Panic attacks are dis-empowering.  They rob people of their dignity.  This is why anxiety disorders often manifest as agoraphobia and conflict avoidance.  When we anticipate a situation may become stressful enough to provoke a panic attack, we avoid it.  Further complicating matters is the revved up brain which needs very little to set off its alarm bells, thus making even a common task like answering the phone feel very threatening.

There is good news – you CAN cool the engines of your brain!  What has worked for me is “PBB” – Puppy Belly Breathing.  When we breathe normally, our chests rise and fall with each breath.  Have you ever watched a puppy sleep?  Its little belly swells up with each breath, and that puppy sleeps peacefully as can be.  Forget the old adage ‘sleep like a baby’.

Sleep like a PUPPY! 

When you crawl into bed, focus on filling your belly with a deep, cleansing breath.  Hold it for a couple of seconds and then exhale slowly.  Do this ten times.  Then practice PBB throughout the day.  Make it a habit!  By doing so, you allow more oxygen to reach all the cells in your body and cool overactive basal ganglia, which will return your brain to a comfortable idling speed.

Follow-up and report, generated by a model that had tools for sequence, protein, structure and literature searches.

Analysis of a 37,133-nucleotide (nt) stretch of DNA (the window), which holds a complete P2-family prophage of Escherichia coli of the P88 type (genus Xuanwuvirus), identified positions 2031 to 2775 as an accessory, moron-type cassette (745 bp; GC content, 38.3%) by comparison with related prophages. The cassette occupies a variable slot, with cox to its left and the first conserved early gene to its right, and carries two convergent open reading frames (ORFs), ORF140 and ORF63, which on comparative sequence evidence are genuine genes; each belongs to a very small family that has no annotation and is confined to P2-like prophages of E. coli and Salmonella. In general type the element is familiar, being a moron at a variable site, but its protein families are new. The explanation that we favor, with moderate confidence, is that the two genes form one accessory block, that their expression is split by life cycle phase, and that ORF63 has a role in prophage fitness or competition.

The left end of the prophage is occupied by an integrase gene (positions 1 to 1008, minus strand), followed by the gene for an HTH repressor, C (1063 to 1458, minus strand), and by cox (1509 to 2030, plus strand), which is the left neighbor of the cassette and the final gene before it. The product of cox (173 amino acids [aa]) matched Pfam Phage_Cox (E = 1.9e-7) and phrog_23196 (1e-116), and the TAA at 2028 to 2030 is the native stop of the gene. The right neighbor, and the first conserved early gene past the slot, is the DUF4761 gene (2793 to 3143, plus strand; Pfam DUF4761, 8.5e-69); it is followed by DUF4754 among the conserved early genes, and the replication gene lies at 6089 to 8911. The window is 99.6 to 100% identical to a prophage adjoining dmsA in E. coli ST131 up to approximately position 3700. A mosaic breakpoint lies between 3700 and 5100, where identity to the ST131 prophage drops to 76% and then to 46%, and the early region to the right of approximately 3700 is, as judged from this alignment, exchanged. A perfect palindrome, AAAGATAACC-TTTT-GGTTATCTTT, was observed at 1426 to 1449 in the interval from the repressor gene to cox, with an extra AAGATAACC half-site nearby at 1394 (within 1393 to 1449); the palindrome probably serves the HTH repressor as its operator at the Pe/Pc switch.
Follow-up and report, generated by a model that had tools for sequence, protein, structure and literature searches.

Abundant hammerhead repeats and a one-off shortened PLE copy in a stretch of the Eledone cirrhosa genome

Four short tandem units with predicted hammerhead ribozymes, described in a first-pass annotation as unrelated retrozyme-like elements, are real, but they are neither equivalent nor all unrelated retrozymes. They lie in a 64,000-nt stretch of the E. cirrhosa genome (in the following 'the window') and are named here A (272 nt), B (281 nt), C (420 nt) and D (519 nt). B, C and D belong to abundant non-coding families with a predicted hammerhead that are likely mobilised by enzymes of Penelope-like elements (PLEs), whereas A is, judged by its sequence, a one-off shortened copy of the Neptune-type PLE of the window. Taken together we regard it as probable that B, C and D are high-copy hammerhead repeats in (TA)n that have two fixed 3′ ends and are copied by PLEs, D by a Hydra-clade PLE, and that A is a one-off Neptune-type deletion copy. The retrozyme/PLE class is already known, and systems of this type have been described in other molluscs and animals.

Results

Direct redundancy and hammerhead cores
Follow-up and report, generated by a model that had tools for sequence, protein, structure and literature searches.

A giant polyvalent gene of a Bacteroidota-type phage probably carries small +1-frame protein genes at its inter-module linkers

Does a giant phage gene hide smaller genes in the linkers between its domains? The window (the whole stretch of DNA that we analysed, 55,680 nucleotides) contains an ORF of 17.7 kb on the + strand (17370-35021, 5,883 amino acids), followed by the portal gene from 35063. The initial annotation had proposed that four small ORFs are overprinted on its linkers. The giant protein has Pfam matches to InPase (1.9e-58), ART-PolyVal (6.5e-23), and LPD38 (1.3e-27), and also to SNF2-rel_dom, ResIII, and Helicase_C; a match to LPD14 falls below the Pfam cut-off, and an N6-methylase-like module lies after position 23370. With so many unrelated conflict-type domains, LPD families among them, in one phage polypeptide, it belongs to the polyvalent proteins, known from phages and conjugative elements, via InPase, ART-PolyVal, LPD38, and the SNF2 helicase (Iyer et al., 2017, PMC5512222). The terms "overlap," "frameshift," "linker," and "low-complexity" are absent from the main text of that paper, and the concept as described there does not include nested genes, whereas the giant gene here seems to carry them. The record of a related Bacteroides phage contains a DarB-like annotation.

Let me know if it helps!

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Do you feel like you absorb the stress of the people around you?


Tampa, FL (DB)

You probably do.

Dr. Daniel G Amen’s book, Change Your Brain, Change Your Life has been critical in helping me connect the dots between how I think and how I feel.  Dr. Amen has imaged and studied thousands of brains in an effort to determine which parts of the brain correlate to our different moods and thought patterns.  The deep limbic system is located in the middle of the brain and basically functions as an emotion-driven filing system with an adaptable filter.  People with depression tend to have overactive limbic systems.

The deep limbic system begins filing with our very first memory, storing every joy and every disappointment throughout our lives.    As it files, it begins to filter by familiarity.  What this means is, if more negative messages are received and stored than positive ones, the filter adapts and begins to interpret all incoming messages as negative.  This is the birth of Lobespierre.

After it has adapted into a negative filter, the limbic system scarcely recognizes positive messages.  You know that feeling when you step out of a dark movie theater into the sunlight?  It feels kind of good — but also hurts a little — and you end up squinting for a few seconds.  Positive messages are the sunlight of the brain, but if your filter has been living in the dark, it shuts its eyes against the light.